A Tale of Two Moments: Varying Experiences With Torn ACL Symptoms

Christopher C. Dodson, MD January 23rd, 2015

With between 70,000 and 80,000 incidents reported annually in the U.S., it’s no wonder anterior cruciate ligament injuries have become one of the most recognizable - and most dreaded - knee injuries. Though they do often occur in the context of impact sports, a tear to the ACL can happen to anyone during a variety of different movements, including pivoting, sudden stopping or twisting, and jumping.

Torn ACL symptoms can look similar to other knee ligament injuries and, in fact, sometimes occur in conjunction with associated injuries within the knee joint (for example, a torn meniscus). While a quick pivoting motion during a high-intensity sport such as soccer, basketball or football is a more common setting for this type of injury, ACL tears can occur during simple, non-athletic activity as well.

The two stories below indicate the different possible settings, while also highlighting the similarities that are often found in symptoms and treatments of ACL injury cases.
A Soccer Story: Torn ACL Symptoms On the Field of Play
Mike was a junior in college, playing competitive soccer and loving the experience of being a student-athlete. He had finally broken into the starting lineup and had even been named team captain. It was shaping up to be Mike’s best season yet and one for the team history books when they made it into the national tournament and found themselves competing for the championship.
But during that final game, something unexpected happened. As he dribbled the ball through the midfield, past several defenders on his way to the goal, Mike cut sharply back and forth to weave in and out of the opposing players. 
The cheers of the crowd were abruptly silenced, though, when he suddenly buckled to the ground. Those familiar with common torn ACL symptoms were not surprised to later hear Mike report that the injury had been accompanied by an audible “popping” noise.
In addition to immediate pain, Mike also experienced swelling in his knee and found that he was unable to even leave the field without the support of his coach and athletic trainer, who had run out to assist him. On the sidelines, the trainer suggested that the injury appeared to be a torn ACL and later that diagnosis would be confirmed by a sports medicine physician.
A Busy Morning: It’s No Time for an ACL Injury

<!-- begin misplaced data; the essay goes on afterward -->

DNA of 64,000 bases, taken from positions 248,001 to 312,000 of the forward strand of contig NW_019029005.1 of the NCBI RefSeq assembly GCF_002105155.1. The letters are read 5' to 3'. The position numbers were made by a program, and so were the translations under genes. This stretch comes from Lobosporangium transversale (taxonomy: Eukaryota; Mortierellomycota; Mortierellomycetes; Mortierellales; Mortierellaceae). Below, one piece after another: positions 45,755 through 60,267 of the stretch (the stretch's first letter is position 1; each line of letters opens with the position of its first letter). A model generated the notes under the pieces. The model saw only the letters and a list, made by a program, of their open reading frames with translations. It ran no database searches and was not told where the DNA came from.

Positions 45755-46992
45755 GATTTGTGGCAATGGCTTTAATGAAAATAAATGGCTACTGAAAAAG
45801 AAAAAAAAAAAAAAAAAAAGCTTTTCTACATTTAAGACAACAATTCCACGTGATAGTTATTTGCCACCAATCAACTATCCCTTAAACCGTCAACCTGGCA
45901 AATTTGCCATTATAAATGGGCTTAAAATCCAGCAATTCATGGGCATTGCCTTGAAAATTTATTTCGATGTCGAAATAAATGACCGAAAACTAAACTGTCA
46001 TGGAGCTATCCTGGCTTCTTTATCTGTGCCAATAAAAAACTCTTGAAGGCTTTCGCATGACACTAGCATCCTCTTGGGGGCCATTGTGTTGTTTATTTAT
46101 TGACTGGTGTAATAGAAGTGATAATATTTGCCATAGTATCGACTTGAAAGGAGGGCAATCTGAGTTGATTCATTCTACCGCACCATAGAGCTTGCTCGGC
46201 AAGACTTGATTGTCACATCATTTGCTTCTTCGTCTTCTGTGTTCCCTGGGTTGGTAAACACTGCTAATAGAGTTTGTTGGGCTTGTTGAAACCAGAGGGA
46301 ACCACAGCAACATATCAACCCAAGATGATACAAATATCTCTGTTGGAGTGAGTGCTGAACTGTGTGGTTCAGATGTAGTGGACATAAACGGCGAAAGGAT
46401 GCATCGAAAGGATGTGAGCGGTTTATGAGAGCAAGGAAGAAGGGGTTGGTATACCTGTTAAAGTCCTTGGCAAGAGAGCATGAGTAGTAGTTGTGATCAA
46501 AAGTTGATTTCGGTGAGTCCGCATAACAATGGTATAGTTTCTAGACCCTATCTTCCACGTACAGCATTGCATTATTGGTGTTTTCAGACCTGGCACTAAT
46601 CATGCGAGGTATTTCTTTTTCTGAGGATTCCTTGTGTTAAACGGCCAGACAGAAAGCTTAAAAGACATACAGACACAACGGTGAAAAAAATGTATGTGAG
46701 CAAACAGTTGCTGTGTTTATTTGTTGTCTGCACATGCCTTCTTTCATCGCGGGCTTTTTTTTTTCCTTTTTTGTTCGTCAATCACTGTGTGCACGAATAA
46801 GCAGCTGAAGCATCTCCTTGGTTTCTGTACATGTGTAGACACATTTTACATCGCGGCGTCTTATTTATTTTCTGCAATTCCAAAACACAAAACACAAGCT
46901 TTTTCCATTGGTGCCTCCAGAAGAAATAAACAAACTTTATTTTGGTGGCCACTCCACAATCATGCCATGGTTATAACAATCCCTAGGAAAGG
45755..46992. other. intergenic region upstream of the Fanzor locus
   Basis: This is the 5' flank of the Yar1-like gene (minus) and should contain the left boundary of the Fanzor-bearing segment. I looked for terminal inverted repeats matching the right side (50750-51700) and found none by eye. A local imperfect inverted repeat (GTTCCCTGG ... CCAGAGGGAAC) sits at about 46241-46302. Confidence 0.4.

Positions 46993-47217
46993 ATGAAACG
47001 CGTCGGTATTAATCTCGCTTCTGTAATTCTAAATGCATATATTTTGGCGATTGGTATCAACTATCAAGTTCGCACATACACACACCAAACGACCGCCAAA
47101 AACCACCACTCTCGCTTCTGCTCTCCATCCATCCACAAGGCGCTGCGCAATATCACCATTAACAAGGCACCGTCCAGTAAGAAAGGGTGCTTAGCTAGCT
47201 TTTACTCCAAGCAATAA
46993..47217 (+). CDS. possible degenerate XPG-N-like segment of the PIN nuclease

Nicole, a busy mother of three and a working professional, was on her way out the door on a cold, January morning. After packing the kids’ bags with lunch for the day, cleaning up spilled cereal and searching the entire house for her keys, she finally thought she was ready to go.
Already running a few minutes behind, Nicole was disappointed to step out and find her car totally covered in heavy frost from the cold night. She ran back inside, grabbed a scraper and quickly started on her way down the driveway to her car. As she stepped out onto the frosty pavement, her leg slipped sideways out from under her and she fell to the ground.
Nicole felt sudden, intense pain. She tried to readjust her body’s position and realized she could barely move her right leg, which felt immobilized at the knee. When a neighbor saw her and came over to help, Nicole also discovered that she was unable to put any weight on the injured knee
A missed day of work and an MRI later, an orthopedic physician confirmed for Nicole that what she had experienced that morning were torn ACL symptoms.
Treatment & the Path to Recovery
For Mike, the diagnosis was obvious through a physical exam. During Nicole’s visit, she had an x-ray performed as well to make sure that no bones were broken. In both cases, the diagnosis turned out to be the same: a grade three anterior cruciate ligament sprain. Mike’s ACL was a near complete tear, while Nicole’s was literally torn in half.
In neither of these cases would the knee have healed on it’s own or could the ligament have been stitched back together. Both Mike and Nicole required arthroscopic knee surgery, during which the damaged ACL was removed and a new ligament was threaded through the joint. Mike’s new ligament was grafted from his patellar tendon, while Nicole’s was taken from her hamstring tendon.
Ten weeks after surgery, Mike was back to light running and Nicole was working with a physical therapist to regain strength and range of motion. Both of these stories have happy endings because both patients received quality, timely care and committed themselves to the proper recovery. 

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